New owners or business transfer: Employees’ rights matter
by Michael Bagraim
As the economy tries to regain some jobs and rescue some businesses, many workers find that they risk either losing their jobs or being offered employment with the new owners for lesser terms and conditions of employment. I am daily bombarded by these circumstances.
Many employers have taken over businesses from competitors leaving the staff in a rather tenuous situation. The Labour Relations Act (LRA) No 66 of 1995 (as amended) comes to the rescue of the staff whose rights are protected. In essence a new employer taking over a “going concern” must offer the same or similar terms of conditions of employment and must recognise previous history in terms of Section 197 of the LRA.
Our employment law recognises the value of employees and very carefully outlines employees’ rights and duties.
Likewise, employers must fully understand their duties with regard to implementation of the legislation.
Although there is freedom of contract, both the trade unions and the employees should understand their rights before accepting lesser terms and conditions of employment. We all understand that in South Africa today there is an enormous gap between employer and employee and these inequalities need to be externally structured to a degree.
Unlike many wealthier jurisdictions our Constitution and the various pieces of labour legislation recognise the historic fallibility of employees’ rights and goes a long way to enforcing a more equal structure at the work place.
While everyone understands that job security is uppermost in our mind, we must also understand that the employment conditions should be fair and functional.
When business transfers take place and employees find that they are working for new employers, they need to be assured that they cannot just find the working environment to be unilaterally changed to the workers detriment.
Obviously, many employers don’t want the regulatory interference and want to be given as much leeway as possible in order to make a profit and ensure that the new business is successful.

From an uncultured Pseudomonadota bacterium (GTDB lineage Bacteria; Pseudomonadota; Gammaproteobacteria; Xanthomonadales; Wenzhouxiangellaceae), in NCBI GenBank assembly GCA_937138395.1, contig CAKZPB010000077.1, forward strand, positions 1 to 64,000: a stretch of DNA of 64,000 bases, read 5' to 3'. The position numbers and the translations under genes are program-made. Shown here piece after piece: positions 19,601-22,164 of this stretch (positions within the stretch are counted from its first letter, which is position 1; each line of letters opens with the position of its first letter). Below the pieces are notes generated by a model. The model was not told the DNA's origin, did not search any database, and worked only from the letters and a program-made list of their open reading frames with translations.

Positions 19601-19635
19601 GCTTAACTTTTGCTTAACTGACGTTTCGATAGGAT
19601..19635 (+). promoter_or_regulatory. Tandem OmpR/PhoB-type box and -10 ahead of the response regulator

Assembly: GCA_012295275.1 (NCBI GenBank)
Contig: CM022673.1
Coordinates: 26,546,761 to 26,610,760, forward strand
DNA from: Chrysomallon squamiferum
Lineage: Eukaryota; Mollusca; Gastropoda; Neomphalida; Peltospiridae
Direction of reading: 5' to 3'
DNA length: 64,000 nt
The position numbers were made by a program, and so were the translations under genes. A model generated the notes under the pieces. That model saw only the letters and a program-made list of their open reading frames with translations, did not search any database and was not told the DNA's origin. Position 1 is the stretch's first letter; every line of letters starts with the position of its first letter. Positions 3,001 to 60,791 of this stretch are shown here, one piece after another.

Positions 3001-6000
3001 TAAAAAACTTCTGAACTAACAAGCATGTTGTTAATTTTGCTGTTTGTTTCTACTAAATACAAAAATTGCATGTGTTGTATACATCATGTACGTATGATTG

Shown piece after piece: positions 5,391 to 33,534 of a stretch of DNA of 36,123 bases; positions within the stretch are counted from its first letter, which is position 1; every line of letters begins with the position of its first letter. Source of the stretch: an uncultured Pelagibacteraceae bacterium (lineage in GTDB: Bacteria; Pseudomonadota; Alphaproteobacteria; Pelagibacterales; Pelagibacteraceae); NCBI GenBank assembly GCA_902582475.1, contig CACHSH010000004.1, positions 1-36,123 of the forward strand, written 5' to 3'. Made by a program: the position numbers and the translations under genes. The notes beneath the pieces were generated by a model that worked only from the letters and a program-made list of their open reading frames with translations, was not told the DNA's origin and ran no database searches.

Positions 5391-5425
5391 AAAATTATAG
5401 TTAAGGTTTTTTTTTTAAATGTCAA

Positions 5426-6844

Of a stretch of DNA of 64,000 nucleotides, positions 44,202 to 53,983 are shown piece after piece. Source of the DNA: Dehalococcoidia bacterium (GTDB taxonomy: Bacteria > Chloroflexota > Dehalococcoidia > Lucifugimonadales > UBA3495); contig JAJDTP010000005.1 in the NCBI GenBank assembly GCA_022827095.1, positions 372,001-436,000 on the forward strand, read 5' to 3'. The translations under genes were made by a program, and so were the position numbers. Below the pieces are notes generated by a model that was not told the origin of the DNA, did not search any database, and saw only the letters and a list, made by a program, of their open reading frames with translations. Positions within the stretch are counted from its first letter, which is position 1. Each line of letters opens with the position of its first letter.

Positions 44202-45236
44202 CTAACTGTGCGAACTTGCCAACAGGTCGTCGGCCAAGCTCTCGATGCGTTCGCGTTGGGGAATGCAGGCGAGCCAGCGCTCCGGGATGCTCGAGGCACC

Like any other trading regulations, employers should be well-advised to be fully appraised of the Labour Relations Act – in particular the consequences of taking staff over from the previous business.
The contract of employment of the previous business is deemed to be transferred to the new concern.
The new owners will take over the workers recognising and respecting those terms and conditions and will, over a period of time, structure those employees taken over into the new environment.
It might mean, at a later stage, that the new employer might undergo a retrenchment exercise in terms of Section 189 of the LRA but the employees from the old business will have the benefit of length of service from when they first started at the old business.
When a change of ownership takes place or there is a transfer of shares the employees and or their trade union have a right to be consulted as this new ownership might have all sorts of consequences in terms of the employment contracts.
There are issues such as pension, provident fund, medical aid, outstanding leave and a plethora of other rights that need to be discussed and transferred.
For instance, employees with the old employer might have had the benefit of extra long leave after they have completed ten years of service. This right needs to be passed on to the new employer which could cause a problem as the new employer might have employees of their own who don’t have that right.
Issues such as these need to be properly debated and subject to a full consultation process. Our courts have been through thousands of these difficult situations and have developed structures to be followed.
Any employee faced with a new regime should at least know that there are rights attached to their transfer of employment relationship and these rights need to be only understood, carefully guarded and enforced.
Often ignorance and sometimes fear stops an employee from enforcing their terms and conditions just because the employer has been substituted for another.
Our labour law has evolved quite rapidly over the last 20 years and employees will find that many of their unanswered questions about the future of their job with the new employer has already been adjudicated upon.
* Michael Bagraim is a labour lawyer. He can be contacted at [email protected]
** The views expressed here are not necessarily those of Independent Media.
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